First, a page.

The news comes ahead of the deadline set by Tehran to expel the United Nations’ inspectors unless Washington lifts all sanctions on the Islamic Republic.
Iran said it is “positive” that the US sanctions “would soon be lifted”, Reuters reported, as the head of the United Nation’s nuclear agency began talks in the Iranian capital on Sunday.
“We predict with confidence that diplomatic initiatives will result in a favourable outcome despite the diplomatic wrangling, which are a natural prelude to the return of the parties to their commitments, including the lifting of all sanctions in the near future,” Cabinet Government Spokesman Ali Rabiei was quoted as saying.
The remarks came after the head of the International Atomic Energy Agency [IAEA], Rafael Grossi arrived in Iran on Saturday, just hours ahead of a deadline set by the Islamic Republic to expel the United Nations’ [UN] inspectors assigned to monitor its nuclear activity.
On Sunday, Grossi met with the head of the Iran’s Atomic Energy Organisation, Ali Akbar Salehi. He is also scheduled to meet President Hassan Rouhani as well as Iran’s Foreign Minister Mohammad Javad Zarif.
“In my opinion, the IAEA’s inspection capability will be reduced by about 20-30 percent after the implementation of the parliament’s law on Tuesday”, deputy foreign minister Abbas Araghchi said in an interview on Saturday night.
Iran previously stated that it will expel the UN team unless the US lifts all sanctions on the Islamic Republic.
Meanwhile, Fada Hossein al-Maliki, a member of Iran’s National Security Commission told Al Araby Al Jadeed that “Qatari and European contacts” are working with the US and Iran to revive the nuclear deal.
If sanctions are lifted on Iran, Tehran will return to its nuclear commitments in accordance with the 2015 accord.
Speaking to Doha News, Director of the Gulf Studies Centre at Qatar University Dr. Mahjoob Zweiri said former US President Donald Trump’s harsh approach to its rival led it to increase its nuclear activities.
“Trump’s ‘maximum pressure’ method impelled Iran to violate the nuclear deal’s prevailing limitations. Dr. Zweiri said.
“Iran has increased its uranium enrichment and stockpiling rates significantly past JCPOA permits,” he added.
However, uncertainties remain over President Biden’s “path back to diplomacy” for Iran.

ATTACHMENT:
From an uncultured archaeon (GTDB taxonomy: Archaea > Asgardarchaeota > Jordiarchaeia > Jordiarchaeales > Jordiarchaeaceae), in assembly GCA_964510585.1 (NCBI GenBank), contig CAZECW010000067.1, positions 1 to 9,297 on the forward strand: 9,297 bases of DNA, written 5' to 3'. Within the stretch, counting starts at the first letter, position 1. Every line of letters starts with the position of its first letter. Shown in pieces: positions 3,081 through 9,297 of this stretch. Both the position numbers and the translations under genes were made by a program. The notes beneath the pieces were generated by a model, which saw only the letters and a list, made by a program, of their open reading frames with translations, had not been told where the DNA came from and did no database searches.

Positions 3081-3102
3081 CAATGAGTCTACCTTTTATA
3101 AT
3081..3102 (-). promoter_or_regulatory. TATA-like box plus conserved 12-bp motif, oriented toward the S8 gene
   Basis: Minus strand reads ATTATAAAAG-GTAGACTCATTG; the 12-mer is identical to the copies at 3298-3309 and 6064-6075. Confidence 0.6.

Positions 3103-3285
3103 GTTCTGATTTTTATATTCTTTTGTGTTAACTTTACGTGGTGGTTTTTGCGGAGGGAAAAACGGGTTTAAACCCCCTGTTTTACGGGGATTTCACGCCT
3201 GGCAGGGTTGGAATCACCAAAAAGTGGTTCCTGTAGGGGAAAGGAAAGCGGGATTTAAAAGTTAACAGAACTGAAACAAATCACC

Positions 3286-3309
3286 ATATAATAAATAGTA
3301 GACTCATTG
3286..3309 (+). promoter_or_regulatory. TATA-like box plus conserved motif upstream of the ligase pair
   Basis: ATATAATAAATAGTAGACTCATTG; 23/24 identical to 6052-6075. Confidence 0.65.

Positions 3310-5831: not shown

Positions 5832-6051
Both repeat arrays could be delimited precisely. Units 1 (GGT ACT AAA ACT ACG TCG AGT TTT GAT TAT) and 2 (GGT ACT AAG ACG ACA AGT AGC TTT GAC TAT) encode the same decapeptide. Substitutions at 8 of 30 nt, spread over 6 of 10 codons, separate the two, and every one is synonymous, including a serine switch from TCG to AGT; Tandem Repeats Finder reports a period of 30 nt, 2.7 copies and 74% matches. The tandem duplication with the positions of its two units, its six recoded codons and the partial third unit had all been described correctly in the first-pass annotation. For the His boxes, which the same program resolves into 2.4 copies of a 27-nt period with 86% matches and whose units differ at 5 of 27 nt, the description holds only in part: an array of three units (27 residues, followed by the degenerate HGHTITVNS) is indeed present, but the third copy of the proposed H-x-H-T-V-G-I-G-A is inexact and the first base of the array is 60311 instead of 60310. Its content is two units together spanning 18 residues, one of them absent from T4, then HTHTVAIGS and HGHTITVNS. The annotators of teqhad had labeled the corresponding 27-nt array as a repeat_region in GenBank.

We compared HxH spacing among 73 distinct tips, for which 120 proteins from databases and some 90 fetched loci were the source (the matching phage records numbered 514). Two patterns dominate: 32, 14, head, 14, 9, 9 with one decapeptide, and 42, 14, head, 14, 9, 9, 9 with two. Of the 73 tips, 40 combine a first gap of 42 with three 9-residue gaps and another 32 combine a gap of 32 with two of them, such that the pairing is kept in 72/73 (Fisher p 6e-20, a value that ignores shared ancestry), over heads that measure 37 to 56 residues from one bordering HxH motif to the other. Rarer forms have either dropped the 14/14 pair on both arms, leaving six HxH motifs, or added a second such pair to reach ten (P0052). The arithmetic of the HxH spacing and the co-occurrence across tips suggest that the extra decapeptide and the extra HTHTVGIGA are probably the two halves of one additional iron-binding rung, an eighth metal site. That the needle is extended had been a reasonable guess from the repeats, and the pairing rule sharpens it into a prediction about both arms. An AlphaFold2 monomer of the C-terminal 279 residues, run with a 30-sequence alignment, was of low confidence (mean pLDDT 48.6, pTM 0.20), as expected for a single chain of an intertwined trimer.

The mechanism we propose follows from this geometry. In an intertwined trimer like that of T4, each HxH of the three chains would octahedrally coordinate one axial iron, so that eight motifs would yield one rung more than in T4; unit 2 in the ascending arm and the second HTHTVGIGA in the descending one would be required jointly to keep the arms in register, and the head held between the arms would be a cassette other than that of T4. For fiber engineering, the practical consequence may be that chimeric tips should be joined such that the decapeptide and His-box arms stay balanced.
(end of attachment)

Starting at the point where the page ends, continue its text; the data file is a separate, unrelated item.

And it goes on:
“Based on Iran’s progression on the nuclear front, it will be challenging to return to the terms of the JCPOA. New negotiations will need to address the imminent threat of a nuclear weapons armed Iran,” Dr. Zweiri added.
The new Biden administration has in recent weeks been pushing for the return of the accord as part of his efforts in possibly reversing former Trump Administration’s policies.
Signed between Iran and the P5+1 – China, France, Russia, the United Kingdom, the United States, and Germany – the deal limited Tehran’s nuclear weapon production in exchange for the lifting of sanctions on the country.
Trump’s 2018 withdrawal of the deal also brought along with it stifling sanctions on Iran that significantly increased tensions between Washington and and its rival.
As diplomatic efforts gain speed, Qatar is at the heart of talks to mediate between the two rivals.
Last year, the Gulf state was able to calm heightened tensions following the assassination of Iranian General Qassem Soleimani. At the time, the incident raised fears of military escalation.
More recently, Qatar’s Minister of Foreign Affairs Sheikh Mohammed bin Abdulrahman Al Thani said his country will “spare no efforts” in its mediation efforts between the United States and Iran.
“We hope that with the return of the US to the nuclear deal as soon as possible, challenges and sanctions can be alleviated within the framework of the deal, and Qatar will not spare any efforts to make that happen,” Al Thani said during the first high-level talks in Tehran last week.
Experts believe that while Doha’s role will not be easy, its geographic location and its strong relations with Tehran and Washington will possibly lead to a more positive path.
“It should be understood that Qatar’s role here is not going to be easy, but its geographic location, its hosting of American troops, and its importance for security for the GCC countries necessitate its full engagement,” Dr. Imad Harb, Director of Research, Arab Center in Washington DC, told Doha News.